A recent study has highlighted a significant gender disparity in the provision of tobacco cessation advice by dental care providers. The research, which utilized data from the National Health and Nutrition Examination Survey 2017-March 2020, found that women were twice as likely as men to report not having a conversation about the benefits of giving up tobacco products with their oral health care provider.
HCN Medical Memo
This study reinforces the need for oral health care providers to ensure equitable provision of primary and secondary prevention information and intervention programs about the benefits of giving up cigarettes or other types of tobacco products. The findings indicate a potential paradigm shift in how healthcare professionals approach patient care, particularly in relation to gender disparities. It is crucial for healthcare professionals to be aware of this disparity and strive to provide equal care to all patients, regardless of gender.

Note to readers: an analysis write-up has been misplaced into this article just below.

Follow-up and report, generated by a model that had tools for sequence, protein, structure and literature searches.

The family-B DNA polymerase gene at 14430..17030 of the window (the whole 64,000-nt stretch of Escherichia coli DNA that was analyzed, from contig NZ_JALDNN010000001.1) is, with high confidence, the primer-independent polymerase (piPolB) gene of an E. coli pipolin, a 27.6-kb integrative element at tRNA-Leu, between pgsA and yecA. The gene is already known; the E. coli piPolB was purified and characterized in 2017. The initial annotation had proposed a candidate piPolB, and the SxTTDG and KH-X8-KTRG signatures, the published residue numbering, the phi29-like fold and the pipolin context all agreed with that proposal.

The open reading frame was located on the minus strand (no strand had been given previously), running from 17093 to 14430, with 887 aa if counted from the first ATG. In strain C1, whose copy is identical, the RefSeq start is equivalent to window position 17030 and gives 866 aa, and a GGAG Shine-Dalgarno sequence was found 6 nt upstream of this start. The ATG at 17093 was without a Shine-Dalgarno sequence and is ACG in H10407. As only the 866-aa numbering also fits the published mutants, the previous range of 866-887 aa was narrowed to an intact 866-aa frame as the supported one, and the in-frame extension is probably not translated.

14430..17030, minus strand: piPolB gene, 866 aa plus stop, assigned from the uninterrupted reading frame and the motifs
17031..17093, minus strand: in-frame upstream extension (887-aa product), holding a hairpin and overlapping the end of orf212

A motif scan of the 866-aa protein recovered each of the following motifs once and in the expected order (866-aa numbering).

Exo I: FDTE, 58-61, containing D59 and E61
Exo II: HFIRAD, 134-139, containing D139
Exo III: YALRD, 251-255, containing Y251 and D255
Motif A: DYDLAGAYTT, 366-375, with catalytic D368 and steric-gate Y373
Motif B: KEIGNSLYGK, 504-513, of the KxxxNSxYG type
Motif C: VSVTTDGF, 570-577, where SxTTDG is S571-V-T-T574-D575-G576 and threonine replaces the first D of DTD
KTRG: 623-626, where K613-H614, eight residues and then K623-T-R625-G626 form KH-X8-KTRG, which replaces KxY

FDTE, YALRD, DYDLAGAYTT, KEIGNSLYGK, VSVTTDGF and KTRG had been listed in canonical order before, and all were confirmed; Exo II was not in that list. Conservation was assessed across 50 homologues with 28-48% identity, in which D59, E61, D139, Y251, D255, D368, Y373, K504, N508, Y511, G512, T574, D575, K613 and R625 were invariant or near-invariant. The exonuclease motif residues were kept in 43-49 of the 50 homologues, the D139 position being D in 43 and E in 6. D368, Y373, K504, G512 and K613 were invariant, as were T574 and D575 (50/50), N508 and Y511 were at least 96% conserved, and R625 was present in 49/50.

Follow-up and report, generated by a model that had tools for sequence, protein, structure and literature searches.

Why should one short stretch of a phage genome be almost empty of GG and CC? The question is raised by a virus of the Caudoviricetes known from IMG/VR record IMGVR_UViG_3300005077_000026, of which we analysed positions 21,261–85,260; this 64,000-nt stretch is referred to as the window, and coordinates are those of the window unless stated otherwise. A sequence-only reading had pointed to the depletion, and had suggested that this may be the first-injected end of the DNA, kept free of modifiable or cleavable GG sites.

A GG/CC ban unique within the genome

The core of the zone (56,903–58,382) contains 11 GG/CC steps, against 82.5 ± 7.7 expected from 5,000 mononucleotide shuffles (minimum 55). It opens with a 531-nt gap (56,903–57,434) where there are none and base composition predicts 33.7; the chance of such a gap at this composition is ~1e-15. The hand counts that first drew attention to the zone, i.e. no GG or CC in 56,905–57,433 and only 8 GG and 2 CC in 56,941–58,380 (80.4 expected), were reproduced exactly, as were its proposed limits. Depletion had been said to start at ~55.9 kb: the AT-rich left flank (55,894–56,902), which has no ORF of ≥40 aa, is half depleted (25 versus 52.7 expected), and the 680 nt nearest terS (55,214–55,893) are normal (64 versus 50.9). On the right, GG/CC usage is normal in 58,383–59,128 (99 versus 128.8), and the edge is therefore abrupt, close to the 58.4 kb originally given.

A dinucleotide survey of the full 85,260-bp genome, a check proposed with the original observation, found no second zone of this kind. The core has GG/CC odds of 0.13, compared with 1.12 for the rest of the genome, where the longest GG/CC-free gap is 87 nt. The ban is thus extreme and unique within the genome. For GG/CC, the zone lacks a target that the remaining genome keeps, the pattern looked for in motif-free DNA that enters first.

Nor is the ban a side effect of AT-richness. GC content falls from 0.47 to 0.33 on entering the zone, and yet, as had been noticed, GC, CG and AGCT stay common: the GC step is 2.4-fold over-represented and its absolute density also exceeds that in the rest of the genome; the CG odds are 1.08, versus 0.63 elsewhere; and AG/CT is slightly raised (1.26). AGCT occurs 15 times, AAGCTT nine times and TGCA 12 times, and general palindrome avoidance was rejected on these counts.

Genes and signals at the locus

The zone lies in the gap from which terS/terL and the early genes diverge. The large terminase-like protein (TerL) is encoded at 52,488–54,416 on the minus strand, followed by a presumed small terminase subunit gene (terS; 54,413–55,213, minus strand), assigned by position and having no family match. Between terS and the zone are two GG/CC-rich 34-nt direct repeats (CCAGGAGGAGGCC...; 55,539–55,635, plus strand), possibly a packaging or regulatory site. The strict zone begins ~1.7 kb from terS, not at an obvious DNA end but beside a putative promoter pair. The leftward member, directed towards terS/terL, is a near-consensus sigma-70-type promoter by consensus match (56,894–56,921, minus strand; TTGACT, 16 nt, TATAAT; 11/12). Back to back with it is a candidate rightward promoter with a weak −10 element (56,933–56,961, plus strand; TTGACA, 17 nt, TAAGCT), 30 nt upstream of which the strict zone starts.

- The study was cross-sectional in nature.
- Data was sourced from the National Health and Nutrition Examination Survey 2017-March 2020.
- Participants were 18 years and older who reported that they “now smoke cigarettes,” had a dental visit within the previous year, self-reported their sex, and responded whether their oral health care provider had a direct conversation about the benefits of giving up cigarettes or other types of tobacco products to improve dental health at their last visit (n = 582).
- Multivariable logistic regression analysis was conducted to compare data according to sex.
According to the World Health Organization, tobacco kills more than 8 million people each year. More than 7 million of those deaths are the result of direct tobacco use while around 1.2 million are the result of non-smokers being exposed to secondhand smoke.
- Overall, 50.7% of patients reported having a conversation about tobacco cessation at their dental visit.
- Of these, 59.2% were men and 42.9% were women (P = .0037).
- The odds of women reporting having no such discussion were twice those of men (odds ratio, 2.17; 95% CI, 1.10 to 4.28; P = .0270).
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